Mooseheart is a residential child care facility on a 1,000-acre campus 38 miles west of Chicago. The Child City is a home for children and teens in need from infancy through high school.

Dedicated in July 1913 by the Moose fraternal organization, Mooseheart cares for youth whose families are unable, for a wide variety of reasons, to care for them.

Newkirk said it’s not an orphanage, but kids come there from broken homes. Mooseheart takes them in and gives them a better life.

“We are going to visit Mooseheart on Sept. 17, which is Indiana Day there, and because of COVID, we couldn’t go for a few years, but we can go back now and visit the kids,” she said. “Through Mooseheart, kids are given their best chance at life and then they go off to college after they graduate.”

Graham said Mooseheart, Illinois, has its own ZIP code and post office on the campus.

“It’s like a city with a school and a church, and it’s almost like a college campus,” Graham said. “There are apartments on campus at Mooseheart if kids want to stay there after they graduate. They can stay there four years for free.”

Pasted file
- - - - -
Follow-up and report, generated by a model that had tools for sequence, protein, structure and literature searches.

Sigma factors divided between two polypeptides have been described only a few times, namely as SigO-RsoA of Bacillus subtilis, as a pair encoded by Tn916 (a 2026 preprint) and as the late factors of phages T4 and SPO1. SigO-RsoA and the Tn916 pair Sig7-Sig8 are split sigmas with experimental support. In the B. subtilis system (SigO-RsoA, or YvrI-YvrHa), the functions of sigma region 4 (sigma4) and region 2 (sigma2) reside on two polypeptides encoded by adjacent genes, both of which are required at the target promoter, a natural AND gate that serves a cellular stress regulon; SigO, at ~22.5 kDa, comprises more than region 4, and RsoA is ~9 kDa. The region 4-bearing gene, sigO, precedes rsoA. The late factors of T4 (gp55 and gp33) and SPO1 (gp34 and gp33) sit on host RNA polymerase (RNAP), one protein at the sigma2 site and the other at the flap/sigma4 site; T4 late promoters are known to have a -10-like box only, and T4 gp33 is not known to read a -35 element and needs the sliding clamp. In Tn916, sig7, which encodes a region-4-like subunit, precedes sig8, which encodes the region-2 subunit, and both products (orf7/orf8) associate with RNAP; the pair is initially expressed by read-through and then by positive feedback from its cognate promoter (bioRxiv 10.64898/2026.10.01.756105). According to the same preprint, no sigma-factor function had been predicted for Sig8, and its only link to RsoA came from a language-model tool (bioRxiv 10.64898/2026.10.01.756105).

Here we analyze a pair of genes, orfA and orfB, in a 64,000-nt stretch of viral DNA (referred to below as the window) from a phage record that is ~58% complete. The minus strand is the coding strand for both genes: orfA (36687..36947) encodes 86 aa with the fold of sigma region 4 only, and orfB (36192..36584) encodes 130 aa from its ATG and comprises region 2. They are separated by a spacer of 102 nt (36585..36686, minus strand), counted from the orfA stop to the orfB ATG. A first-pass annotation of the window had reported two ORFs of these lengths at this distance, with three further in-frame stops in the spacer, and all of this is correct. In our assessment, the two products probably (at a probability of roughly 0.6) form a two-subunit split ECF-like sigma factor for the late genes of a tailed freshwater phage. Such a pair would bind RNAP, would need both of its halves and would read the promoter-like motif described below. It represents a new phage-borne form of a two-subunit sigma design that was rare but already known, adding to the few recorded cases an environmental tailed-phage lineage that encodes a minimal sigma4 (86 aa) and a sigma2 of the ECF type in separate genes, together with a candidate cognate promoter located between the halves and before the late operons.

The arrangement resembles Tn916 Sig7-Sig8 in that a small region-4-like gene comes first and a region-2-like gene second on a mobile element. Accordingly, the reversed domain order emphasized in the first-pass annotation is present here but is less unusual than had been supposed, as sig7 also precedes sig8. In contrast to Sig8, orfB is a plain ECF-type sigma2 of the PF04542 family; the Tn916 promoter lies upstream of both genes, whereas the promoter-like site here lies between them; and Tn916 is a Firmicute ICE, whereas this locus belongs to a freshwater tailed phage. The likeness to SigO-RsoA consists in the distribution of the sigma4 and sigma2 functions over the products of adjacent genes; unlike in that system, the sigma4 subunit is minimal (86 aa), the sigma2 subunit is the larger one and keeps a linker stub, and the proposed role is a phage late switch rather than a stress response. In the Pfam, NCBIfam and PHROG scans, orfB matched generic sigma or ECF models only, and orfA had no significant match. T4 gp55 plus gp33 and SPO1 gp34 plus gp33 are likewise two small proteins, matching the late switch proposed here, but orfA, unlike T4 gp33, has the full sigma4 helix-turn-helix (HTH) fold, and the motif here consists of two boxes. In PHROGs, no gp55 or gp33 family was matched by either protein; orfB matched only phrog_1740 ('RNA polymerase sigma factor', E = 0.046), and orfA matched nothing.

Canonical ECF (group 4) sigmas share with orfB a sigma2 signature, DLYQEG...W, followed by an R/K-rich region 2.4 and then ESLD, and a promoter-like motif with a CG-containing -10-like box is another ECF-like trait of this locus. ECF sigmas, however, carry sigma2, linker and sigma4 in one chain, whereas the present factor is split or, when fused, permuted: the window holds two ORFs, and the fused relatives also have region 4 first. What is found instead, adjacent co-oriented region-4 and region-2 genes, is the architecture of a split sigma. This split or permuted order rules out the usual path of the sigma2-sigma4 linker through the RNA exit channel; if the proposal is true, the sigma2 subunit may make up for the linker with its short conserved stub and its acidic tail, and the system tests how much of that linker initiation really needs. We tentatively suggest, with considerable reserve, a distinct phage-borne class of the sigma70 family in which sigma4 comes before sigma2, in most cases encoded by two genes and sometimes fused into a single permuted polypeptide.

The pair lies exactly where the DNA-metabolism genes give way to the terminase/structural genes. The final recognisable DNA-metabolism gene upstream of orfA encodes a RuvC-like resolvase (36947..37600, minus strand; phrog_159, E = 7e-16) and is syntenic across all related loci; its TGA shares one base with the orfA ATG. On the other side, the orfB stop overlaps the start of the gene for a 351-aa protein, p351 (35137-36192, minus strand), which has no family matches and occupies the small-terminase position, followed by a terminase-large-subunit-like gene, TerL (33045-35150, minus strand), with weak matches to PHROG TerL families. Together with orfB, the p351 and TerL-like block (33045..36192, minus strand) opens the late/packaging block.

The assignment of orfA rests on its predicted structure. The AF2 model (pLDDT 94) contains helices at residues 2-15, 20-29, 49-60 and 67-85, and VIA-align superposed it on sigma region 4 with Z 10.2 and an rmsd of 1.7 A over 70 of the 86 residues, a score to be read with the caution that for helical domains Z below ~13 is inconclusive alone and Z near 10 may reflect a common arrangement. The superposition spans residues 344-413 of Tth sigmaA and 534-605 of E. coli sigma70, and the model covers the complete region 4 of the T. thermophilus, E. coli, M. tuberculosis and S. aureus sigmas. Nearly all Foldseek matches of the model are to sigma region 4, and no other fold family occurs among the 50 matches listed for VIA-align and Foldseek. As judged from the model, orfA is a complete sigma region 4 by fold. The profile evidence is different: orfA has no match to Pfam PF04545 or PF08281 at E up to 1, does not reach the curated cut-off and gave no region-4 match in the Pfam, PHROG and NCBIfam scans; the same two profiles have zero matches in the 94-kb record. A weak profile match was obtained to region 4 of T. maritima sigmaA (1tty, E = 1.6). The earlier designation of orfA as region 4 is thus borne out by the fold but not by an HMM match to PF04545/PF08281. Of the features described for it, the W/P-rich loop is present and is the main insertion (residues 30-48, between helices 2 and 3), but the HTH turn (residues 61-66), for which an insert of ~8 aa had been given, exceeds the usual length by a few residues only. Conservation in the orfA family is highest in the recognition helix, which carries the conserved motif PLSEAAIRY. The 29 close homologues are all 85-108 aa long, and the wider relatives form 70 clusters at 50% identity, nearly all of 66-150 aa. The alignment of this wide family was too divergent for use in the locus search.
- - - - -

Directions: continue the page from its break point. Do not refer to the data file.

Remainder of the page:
She said the last time they visited, there were about 10 girls in the house, ages 6 or 7.

Newkirk said the children understand what Moose members do for them and the kids are so grateful, and seeing the looks on their faces when she visited Mooseheart is unexplainable.

Graham said the kids are free to go home any time after their parent or guardian is able to take care of them again.

“Doing things for our kids at Mooseheart and for our seniors at Moosehaven is important to me,” Newkirk said. “We have a ‘grandmother’ we were assigned in Moosehaven, so Carrie and I got to meet her for the first time in Florida and take her a gift this summer.”

Moosehaven is an active retirement community on 73 acres in Orange Park, Florida, exclusively for members of the Moose. The residential community has served members since 1922.